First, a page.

• helm install suse/console \    --name susecf-console \    --namespace stratos \    --values scf-config-values.yaml \    --set kube.storage_class.persistent=retained-aws-ebs-storage --set services.loadbalanced=true \ --set console.service.http.nodePort=8080
  • Watch for all Stratos pods to be up and running.
  • Create an A record for the stratos service
  • Run the following command to get the external Address to the loadbalancer service
  • kubectl get service susecf-console-ui-ext --namespace stratos

 

  • Copy the external IP of the each service and map it to Stratos. Navigate to the created hosted zone and create a record set of type A. Mark it as alias and paste the services in the target.

27- Deploy Metrics and link it to Stratos:
  • Create the Prometheus configurations (metrics-config.yaml)
env:
 DOPPLER_PORT: 443
kubernetes:
 authEndpoint: XXXX --> replace this by the Kubernetes API server URL
prometheus:
 kubeStateMetrics:
 enabled: true
nginx:
 username: username
 password: password
useLb: true
  • Apply the configuration: kubectl create -f metrics-config.yaml
  • Install the Helm Chart:
  • helm install suse/metrics \    --name susecf-metrics \    --namespace metrics \    --values scf-config-values.yaml \    --values metrics-config.yaml
  • Wait for all metrics pods to get created.
  • Create an Alias record in the hosted zone for the metrics service
  • Run the following command to get the service external address:
kubectl get service susecf-metrics-metrics-nginx --namespace metrics
  • Copy the external IP of the each service and map it to the metrics. Navigate to the created hosted zone and create a record set of type A. Mark it as alias and paste the services in the target .
  • Navigate to Stratos console login using the cluster password and admin user then click on endpoint tab and click the add (+) button.

  • Click the register button. Enter the user name and password and click Connect.

28- You can connect the Kubernetes cluster in the same way to monitor its metrics as well.

Cloud Native Applications in AWS supporting Hybrid Cloud – Part 1

Wednesday, 31 July, 2019

Let us talk first about what is cloud native and the benefits of SUSE Cloud Application Platform and AWS when building cloud native applications.

So, what is a cloud native app?

Usually people mistake a cloud native app with a 12 factor app and that is not correct. 12 factor is a set of good development best practices which should be in place when developing a distributed application involving many teams/vendors or that requires fast, agile development cycles.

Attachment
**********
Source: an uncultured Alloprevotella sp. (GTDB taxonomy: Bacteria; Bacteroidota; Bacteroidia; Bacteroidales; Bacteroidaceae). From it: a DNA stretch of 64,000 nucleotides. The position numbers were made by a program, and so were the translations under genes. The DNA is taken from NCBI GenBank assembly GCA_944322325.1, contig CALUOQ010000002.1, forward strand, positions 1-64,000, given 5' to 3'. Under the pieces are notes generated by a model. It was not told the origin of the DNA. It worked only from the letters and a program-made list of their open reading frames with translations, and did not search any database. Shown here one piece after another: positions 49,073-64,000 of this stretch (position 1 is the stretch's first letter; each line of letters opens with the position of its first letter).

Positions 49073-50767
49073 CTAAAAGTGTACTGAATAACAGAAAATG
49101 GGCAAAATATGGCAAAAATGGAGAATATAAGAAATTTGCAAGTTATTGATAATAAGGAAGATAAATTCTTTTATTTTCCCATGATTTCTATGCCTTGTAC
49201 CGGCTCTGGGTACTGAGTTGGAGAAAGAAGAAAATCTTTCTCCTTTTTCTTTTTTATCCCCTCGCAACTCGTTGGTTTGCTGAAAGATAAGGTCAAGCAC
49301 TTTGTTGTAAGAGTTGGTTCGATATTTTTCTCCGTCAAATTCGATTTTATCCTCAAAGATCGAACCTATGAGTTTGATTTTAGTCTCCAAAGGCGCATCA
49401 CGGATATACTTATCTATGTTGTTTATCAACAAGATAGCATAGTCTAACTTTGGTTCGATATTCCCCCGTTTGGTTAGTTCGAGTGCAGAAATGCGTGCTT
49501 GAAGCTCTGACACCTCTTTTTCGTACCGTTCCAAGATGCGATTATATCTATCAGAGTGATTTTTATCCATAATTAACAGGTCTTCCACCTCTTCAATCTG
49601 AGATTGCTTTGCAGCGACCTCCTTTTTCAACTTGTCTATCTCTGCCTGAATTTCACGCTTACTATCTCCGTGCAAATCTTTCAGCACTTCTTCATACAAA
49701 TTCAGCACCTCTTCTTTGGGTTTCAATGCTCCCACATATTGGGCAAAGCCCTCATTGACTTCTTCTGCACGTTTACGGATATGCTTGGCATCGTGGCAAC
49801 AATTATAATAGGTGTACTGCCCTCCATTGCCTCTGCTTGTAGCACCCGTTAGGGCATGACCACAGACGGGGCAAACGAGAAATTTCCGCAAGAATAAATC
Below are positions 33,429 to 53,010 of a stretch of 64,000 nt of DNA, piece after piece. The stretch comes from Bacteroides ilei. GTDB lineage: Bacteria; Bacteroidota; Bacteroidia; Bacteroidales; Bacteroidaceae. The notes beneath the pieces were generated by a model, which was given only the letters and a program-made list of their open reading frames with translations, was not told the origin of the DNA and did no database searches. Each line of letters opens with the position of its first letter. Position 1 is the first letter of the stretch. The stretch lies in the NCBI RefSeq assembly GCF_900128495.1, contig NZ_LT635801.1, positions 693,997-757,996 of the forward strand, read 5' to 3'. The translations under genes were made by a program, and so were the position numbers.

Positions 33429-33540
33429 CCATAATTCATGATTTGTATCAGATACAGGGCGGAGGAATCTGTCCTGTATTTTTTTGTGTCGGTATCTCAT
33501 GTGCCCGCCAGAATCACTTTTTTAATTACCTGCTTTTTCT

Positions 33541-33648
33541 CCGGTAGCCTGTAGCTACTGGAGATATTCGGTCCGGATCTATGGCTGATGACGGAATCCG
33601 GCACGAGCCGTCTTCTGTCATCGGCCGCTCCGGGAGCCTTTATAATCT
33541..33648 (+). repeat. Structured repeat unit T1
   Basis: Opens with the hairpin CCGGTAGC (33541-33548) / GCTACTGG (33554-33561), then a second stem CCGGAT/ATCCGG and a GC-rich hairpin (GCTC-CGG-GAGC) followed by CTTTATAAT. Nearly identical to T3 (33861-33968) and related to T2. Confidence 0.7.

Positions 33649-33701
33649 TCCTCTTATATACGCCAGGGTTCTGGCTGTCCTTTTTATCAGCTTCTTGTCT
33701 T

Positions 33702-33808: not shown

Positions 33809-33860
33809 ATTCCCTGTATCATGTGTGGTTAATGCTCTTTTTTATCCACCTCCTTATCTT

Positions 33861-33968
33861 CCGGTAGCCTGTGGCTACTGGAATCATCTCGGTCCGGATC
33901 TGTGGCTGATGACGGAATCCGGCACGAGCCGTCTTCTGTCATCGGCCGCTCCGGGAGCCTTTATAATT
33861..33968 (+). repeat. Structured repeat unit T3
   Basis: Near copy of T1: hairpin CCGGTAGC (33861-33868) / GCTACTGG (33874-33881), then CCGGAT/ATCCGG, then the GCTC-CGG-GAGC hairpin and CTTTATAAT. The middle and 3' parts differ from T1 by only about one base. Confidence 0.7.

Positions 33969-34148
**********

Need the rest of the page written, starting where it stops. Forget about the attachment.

How does that differ from developing a cloud native app? As the name implies, cloud native apps are applications built natively on a cloud platform. What exactly does that mean?

First let us talk about the requirements of a cloud native application:

  1. It needs to meet the target load, with a high SLA.
  2. It must adapt to variable loads. Load is not easily predictable as may happen when the application is available for public usage, similar to YouTube or Facebook.
  3. It may be a pay as you go, so it must be cost efficient.
  4. It must be responsive to changes in requirements and have a fast time to market.
  5. It must enable smooth integration with other apps, services, and APIs, with no restriction to enable digital transformation. Put simply, this is the ability to let different business contexts interact together and learn from each other and be highly responsive. If you want more details, you can read about the interview I did for digital transformation Digital Transformation: An Interview with Rania Mohamed (Global Services)
  6. Application development time must be extremely fast without impacting the quality.
  7. It must be highly integrated with the underlying cloud service, to enable native
  8. It must be portable, even though it is leveraging the underlying cloud service, it must allow the ability to be portable across different clouds.
  9. It supports and enables polyglot development languages and methods.

Now that we understand the CNA (Cloud Native App), let us discuss how is that related to MSA (Microservices Architecture).